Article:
University of Texas at Austin

Upcoming Event: Oden Institute Seminar

Application-Driven Reduced-Order and Surrogate Modeling

John Tencer, Computational Scientist and Principal Member, Technical Staff, Sandia National Laboratories, Albuquerque, New Mexico

3:30 – 5PM
Thursday Oct 13, 2022

POB 6.304 & Zoom

Abstract

The last few years have seen an explosion in surrogate modeling methodologies for scientific computing.  However, many issues remain when attempting to utilize these tools at scale for real-world applications.  Our research group at Sandia National Laboratories is interested in deploying these technologies across the various laboratory mission areas and tackling the challenges that arise, particularly at the interfaces between surrogate models and legacy tooling. In order to achieve their promised impact, these surrogates must be made to fit within an established framework with legacy software codes.  This is largely accomplished by creating surrogates which augment, leverage, or replicate legacy code.  The most straightforward approach is to use a surrogate to replace your legacy code for some low-latency or high-throughput application.  This approach typically does not require any modifications to the legacy code and has been shown to be highly effective for a wide range of applications.  However, for high-consequence decision-making, establishing surrogate model credibility is often a challenge.  In contrast, approaches that use surrogate models to augment existing code (e.g., machine learned material or sub-grid models) are often highly credible when the surrogate model is used within the intended operational regime.  Additionally, this approach often only requires a minimally intrusive implementation (although bespoke performance optimizations may be required).  However, the number of applications where this type of approach is valuable is somewhat limited.  The third approach, wherein legacy code is leveraged in the evaluation of the surrogate (e.g., projection-based ROMs) tends to be more intrusive but also broadly applicable and, when equipped with a posteriori error estimates, credible. In this talk, I’ll overview work at Sandia National Laboratories utilizing each of these approaches to surrogate modeling.  I’ll focus especially on the Pressio project for enabling minimally intrusive projection-based ROMs and the API we’ve developed for interfacing with a diverse suite of high-performance computing applications.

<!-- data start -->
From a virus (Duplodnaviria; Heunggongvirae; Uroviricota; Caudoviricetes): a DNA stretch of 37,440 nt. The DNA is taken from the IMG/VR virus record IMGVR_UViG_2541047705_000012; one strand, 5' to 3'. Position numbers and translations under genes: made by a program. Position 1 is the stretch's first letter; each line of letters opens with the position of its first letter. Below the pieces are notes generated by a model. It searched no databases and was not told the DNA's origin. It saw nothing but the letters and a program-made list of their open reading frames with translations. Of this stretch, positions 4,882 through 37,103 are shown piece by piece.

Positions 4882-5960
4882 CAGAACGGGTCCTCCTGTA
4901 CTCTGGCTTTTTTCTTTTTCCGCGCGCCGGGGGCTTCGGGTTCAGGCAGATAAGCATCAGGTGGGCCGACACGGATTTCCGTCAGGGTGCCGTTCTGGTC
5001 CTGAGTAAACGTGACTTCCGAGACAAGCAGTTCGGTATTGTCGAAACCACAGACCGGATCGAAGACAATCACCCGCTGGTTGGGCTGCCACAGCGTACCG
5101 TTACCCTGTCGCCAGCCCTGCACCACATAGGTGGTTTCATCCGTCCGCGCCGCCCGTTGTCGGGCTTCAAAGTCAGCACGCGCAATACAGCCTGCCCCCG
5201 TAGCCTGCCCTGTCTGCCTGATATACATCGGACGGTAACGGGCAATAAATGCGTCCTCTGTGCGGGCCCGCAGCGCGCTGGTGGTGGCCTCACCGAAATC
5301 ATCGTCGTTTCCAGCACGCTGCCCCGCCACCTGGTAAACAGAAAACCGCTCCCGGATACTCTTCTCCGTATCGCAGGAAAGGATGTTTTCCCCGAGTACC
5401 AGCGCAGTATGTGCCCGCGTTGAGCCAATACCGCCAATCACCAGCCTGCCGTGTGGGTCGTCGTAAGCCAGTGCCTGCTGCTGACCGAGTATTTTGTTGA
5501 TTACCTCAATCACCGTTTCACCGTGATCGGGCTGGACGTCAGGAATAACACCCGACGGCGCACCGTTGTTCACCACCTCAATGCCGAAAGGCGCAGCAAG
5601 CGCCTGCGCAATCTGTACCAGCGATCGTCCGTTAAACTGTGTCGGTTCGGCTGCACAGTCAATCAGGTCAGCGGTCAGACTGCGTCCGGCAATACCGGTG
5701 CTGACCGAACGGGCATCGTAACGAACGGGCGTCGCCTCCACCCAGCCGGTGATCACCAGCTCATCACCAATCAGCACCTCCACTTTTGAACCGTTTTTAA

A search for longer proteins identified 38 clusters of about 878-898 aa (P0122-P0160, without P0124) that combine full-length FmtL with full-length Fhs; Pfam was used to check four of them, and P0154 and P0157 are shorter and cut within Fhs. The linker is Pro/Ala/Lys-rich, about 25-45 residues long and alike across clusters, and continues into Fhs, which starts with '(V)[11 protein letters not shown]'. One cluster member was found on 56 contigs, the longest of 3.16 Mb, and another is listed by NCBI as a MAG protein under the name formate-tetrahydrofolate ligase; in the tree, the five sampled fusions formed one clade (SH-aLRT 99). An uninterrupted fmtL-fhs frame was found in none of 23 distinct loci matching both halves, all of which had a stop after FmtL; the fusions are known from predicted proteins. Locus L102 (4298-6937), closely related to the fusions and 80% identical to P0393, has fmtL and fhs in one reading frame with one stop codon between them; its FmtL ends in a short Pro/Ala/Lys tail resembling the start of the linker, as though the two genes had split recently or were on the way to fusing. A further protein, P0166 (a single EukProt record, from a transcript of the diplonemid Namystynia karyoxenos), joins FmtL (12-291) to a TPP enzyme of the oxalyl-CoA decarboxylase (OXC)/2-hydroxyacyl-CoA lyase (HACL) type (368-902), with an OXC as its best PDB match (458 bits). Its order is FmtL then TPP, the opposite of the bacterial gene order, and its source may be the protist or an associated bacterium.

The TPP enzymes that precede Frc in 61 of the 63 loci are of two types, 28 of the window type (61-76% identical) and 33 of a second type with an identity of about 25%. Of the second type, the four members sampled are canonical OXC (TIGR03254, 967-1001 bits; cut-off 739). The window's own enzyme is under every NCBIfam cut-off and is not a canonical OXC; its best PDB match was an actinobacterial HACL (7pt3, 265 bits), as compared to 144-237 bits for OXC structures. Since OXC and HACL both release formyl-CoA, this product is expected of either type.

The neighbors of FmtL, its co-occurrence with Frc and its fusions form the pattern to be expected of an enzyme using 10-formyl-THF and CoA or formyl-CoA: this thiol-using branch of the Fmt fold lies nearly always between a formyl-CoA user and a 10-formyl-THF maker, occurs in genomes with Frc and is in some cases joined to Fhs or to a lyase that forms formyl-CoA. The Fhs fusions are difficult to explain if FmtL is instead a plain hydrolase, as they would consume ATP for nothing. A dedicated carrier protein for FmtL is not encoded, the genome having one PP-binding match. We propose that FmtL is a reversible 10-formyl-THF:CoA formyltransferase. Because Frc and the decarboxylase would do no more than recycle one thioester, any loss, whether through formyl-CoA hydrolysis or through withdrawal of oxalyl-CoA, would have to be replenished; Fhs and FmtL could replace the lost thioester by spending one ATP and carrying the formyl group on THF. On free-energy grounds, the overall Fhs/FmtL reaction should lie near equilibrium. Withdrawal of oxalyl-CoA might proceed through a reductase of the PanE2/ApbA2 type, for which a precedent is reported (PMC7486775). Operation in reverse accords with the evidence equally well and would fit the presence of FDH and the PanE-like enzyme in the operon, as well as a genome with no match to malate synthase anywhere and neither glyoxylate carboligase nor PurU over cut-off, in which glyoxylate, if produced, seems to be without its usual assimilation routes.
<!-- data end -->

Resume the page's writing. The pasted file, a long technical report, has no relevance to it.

Biography

John Tencer is a Principal Member of Technical Staff at Sandia National Laboratories (SNL) in Albuquerque, New Mexico.  His research interests are in the areas of thermal and computational sciences with particular interest in thermal radiation, reduced-order modeling, machine learning, and uncertainty quantification.  Dr. Tencer received his B.S. in Mechanical Engineering from the University of Tennessee, Knoxville in 2009.  He then received M.S. and Ph.D. degrees in Mechanical Engineering from the University of Texas at Austin in 2011 and 2013.  He joined the Thermal Sciences and Engineering Department at Sandia National Laboratories in 2013.  He is the co-chair of the computational heat transfer technical committee for ASME and received the Secretary of Energy Achievement Award for his work with the Waste Isolation Pilot Plant Technical Assessment Team in 2016.

Application-Driven Reduced-Order and Surrogate Modeling

Event information

Date
3:30 – 5PM
Thursday Oct 13, 2022
Hosted by Robert Moser